But if this kind of high pressure credit is without a really dangerous number of advocates, there are a legion of advocates for high pressure credit in the form of installment selling. What is more, most of those who are its advocates are also its practitioners. It has proved to be an effective means of stimulating the ultimate consumer to buy what otherwise he could not buy so quickly,--to stimulate buying by mortgaging future income. So today we are having an orgy of installment selling, to the tune of "after us the deluge!"


  What a change since Pollonius said, "Neither a borrower nor a lender be."

  At the time this is being written there are six hundred time payment finance corporations which take care of the installment payments for purchases of automobiles, and new finance corporations are being organized daily. (A year after this was written, Clarence Y. Palitz, president of the Credit Alliance Corporation, made a survey of installment selling and estimated that there were more than 1,500 organized finance companies, and more than 2,500 individuals dabbling in the finance business.) A single concern selling diamonds and jewelry on the installment basis, numbers 300,000 customers. A checkup of twenty-seven newspapers in fifty-seven cities between November 11 and December 20, 1923, (Printers' Ink, February 1924.) showed 141 advertisements which made a direct appeal for time payment sales on the following products:

  Furniture        Sewing Machines     New Autos
  Pianos           Women's Apparel     Typewriters
  Used Cars        House Furnishings   Diamonds
  Clothing         Safes               Vacuum Cleaners
  Radio Equipment  Lamps               Washing Machines
  Stoves           Violins             Candy and Nuts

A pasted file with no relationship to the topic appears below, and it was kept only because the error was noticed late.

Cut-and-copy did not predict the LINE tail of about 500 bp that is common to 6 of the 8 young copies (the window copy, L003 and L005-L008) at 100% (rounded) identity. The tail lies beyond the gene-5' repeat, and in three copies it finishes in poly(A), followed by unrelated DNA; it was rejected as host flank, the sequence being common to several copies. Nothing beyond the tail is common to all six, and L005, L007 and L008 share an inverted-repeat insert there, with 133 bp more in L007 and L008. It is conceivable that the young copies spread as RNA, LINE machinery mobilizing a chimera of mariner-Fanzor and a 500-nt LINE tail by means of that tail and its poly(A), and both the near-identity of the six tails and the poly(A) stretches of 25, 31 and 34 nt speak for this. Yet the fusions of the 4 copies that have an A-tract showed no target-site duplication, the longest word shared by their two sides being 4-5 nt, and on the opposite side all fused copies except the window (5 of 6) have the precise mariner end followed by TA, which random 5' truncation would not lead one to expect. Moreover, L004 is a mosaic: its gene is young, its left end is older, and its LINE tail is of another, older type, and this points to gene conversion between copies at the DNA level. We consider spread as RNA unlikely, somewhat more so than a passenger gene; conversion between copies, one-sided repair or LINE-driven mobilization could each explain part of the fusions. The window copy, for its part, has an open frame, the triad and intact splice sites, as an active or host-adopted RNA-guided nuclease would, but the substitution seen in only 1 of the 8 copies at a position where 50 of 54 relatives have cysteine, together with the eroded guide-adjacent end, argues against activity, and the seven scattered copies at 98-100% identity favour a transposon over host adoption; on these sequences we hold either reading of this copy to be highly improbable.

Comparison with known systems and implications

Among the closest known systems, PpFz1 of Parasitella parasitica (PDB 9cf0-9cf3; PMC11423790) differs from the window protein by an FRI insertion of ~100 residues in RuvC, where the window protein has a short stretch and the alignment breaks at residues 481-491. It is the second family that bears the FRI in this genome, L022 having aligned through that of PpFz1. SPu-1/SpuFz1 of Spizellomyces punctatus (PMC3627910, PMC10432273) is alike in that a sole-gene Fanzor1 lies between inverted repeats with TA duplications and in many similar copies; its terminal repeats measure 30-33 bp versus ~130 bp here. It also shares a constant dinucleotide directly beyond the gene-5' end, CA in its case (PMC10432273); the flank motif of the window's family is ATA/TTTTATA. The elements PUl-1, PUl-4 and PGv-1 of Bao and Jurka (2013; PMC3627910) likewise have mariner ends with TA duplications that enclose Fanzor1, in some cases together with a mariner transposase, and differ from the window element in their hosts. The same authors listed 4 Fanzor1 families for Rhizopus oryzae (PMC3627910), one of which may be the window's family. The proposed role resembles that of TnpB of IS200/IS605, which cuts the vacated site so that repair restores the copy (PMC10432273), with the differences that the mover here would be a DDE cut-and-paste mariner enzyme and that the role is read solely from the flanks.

Rugs and Carpets Cedar Chests        Gifts 
  Jewelry          Silverware          Trucks 
  Phonographs      Kitchen Cabinets

  This is by no means a complete list of the products sold on the installment plan. Some of the more amazing developments of this phase of high pressure marketing include the following: house paint to home owners; ice and coal to stimulate buying in the off season; summer and winter vacations; automobile insurance; plumbing fixtures; convention expenses; ready-cut houses; tours on the "travel now and pay later" plan. The future development of this phase of marketing is evidently charged with unlimited possibilities.

  In 1915 and 1916 when the business of selling automobiles on the installment plan was first introduced, it met with bitter hostility on the part of many of the most influential men in the automobile industry. The "pay as you ride" policy had to fight for an opportunity to show what it could do. Automobile manufacturers of those days considered the policy of selling for cash only, which had prevailed up to that time, very largely responsible for the growth of the industry, since it gave the infant industry cash resources at a time when ordinary bank credits were difficult to secure. It was generally predicted that once the time payment plan was introduced, the used car problem would multiply to a point which would enormously increase the cost of selling. At that time, time payments may be said to have been zero. By 1920, the General Motors Acceptance Corporation, which handled all the installment business of the Chevrolet, Buick, Oakland, Oldsmobile and the Cadillac automobile companies, reported approximately 50 per cent. of sales on the installment plan. Today it is estimated that over 85 per cent. of all of the automobiles which are sold are sold on the time payment plan.